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Belgrade in great need of a Local Team for Prevention and Combating Human Trafficking
In cooperation with the Austrian Embassy in Belgrade, Citizens Association “Atina“ organized a Round table on Friday, April 12, 2019 in the premises of the Embassy on the topic “Importance of the role of local responses to the challenges of human trafficking“, which brought together 40 professionals, representatives of the state and nongovernmental sector, as well as international organizations active in this field.
Belgrade in great need of a Local Team for Prevention and Combating Human Trafficking
Report from the Round table “Importance of the role of local responses to the challenges of human trafficking” held on April 12, 2019, at the Embassy of the Republic of Austria in Belgrade
In cooperation with the Austrian Embassy in Belgrade, Citizens Association “Atina“ organized a Round table on Friday, April 12, 2019 in the premises of the Embassy on the topic “Importance of the role of local responses to the challenges of human trafficking“, which brought together 40 professionals, representatives of the state and nongovernmental sector, as well as international organizations active in this field. This Round table was, on the one hand, an opportunity to discuss about the possibility of forming a local anti-trafficking team for the City of Belgrade, and on the other hand, an opportunity to hear experiences from the City of Vienna, given that the convening was organized within the visit of an expert delegation from Austria. This delegation was made up of ten members of the expert Working group Act.Now, led by Ms. Shams Asadi from the Human Rights Office of the City of Vienna, and Ms. Helga Konrad from the Regional Implementation Initiative on Preventing & Combating Human Trafficking and the former Austrian Minister for equality and equal opportunities, as well as experts from this and other related areas from Austria and beyond, such as Jihane Essaid from NGO ABAAD from Lebanon, Claire Healy from ICMPD, Linda Al-Kalash from NGO Tamkeen from Jordan, Katie Klaffenböck from IOM, Marijana Savic from NGO Atina, and others. Expert Working group Act.Now created a Policy Paper on combating exploitation and human trafficking, which can be found at the end of this report, both in English and Serbian.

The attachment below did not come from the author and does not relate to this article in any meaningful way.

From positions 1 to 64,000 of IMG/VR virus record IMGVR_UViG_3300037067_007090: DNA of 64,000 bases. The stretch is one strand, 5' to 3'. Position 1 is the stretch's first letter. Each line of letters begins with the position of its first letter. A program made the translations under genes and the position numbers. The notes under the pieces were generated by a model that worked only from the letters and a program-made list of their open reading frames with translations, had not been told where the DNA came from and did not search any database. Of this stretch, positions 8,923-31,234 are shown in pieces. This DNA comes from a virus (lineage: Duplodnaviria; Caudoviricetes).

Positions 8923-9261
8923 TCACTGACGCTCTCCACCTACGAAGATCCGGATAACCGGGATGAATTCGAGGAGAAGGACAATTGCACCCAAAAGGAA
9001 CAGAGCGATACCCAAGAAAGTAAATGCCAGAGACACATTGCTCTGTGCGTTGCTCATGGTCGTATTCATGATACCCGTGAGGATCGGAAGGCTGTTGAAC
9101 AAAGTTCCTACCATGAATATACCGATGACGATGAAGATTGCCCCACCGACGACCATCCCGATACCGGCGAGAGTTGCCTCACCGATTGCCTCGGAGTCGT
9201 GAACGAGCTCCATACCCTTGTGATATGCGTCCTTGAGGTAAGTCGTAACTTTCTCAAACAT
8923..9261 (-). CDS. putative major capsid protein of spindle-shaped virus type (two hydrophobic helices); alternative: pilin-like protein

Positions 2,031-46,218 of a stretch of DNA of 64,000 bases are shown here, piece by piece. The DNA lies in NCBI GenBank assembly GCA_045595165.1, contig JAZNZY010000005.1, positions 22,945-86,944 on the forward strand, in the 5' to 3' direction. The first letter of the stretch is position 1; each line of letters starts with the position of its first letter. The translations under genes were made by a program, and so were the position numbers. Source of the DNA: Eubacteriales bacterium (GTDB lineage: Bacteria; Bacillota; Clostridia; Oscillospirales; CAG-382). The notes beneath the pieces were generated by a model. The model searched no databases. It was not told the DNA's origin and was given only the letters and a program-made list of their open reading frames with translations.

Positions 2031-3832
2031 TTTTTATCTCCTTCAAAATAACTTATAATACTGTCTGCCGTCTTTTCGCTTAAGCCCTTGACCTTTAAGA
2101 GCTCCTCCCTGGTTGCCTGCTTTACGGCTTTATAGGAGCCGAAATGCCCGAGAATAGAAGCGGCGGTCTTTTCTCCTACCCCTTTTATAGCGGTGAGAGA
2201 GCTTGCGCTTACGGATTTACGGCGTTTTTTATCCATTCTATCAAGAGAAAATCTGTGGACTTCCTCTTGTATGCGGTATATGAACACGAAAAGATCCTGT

Members of the Expert group visited Belgrade and Citizens’ Association Atina on April 11 and 12, and within the visit met with the Secretary for Social Protection of the City of Belgrade (April 11); they were more closely introduced to the work of Citizens’ Association Atina and its Reintegration Center, as well as to the social enterprise Bagel Bejgl shop.
In addition to the presence of representatives of the Act.Now Expert group, the Round table was opened by Austrian Ambassador to Serbia, H.E Nikolaus Lutterotti, Mitar Djuraskovic, National Coordinator for Combating Trafficking in Human Beings from the Ministry of the Interior of the Republic of Serbia, and Jelena Hrnjak from Citizens’ Association Atina. The convening was also attended by representatives of NGO Tamkeen from Jordan, NGO ABAAD from Lebanon, Ministry of Labor, Employment, Social and Veteran Affairs, Ministry of Education, Science and Technological Development, Service for Combating Organized Crime, Center for Human Trafficking Victims Protection and its Service for Coordination of human trafficking victims protection, Commissariat for Refugees and Migration, Secretariat for Social Protection of the City of Belgrade, European Delegation to Serbia, UNHCR, Council of Europe, OSCE, Swiss Agency for Development and Cooperation, IRC, IOM, ICMPD, NGO Astra, German organization Schueler Helfen Leben, a representative of the Ministry of the Interior of Slovenia, who is together with the MoI of Serbia, particularly representatives of the Office for coordination of activities in combating human trafficking, and Austria conducting a joint twinning project, as well as the advisors of the Austrian Embassy and Citizens’ Association Atina’s activists. The main agenda of this event was based on four key topics planned for discussion: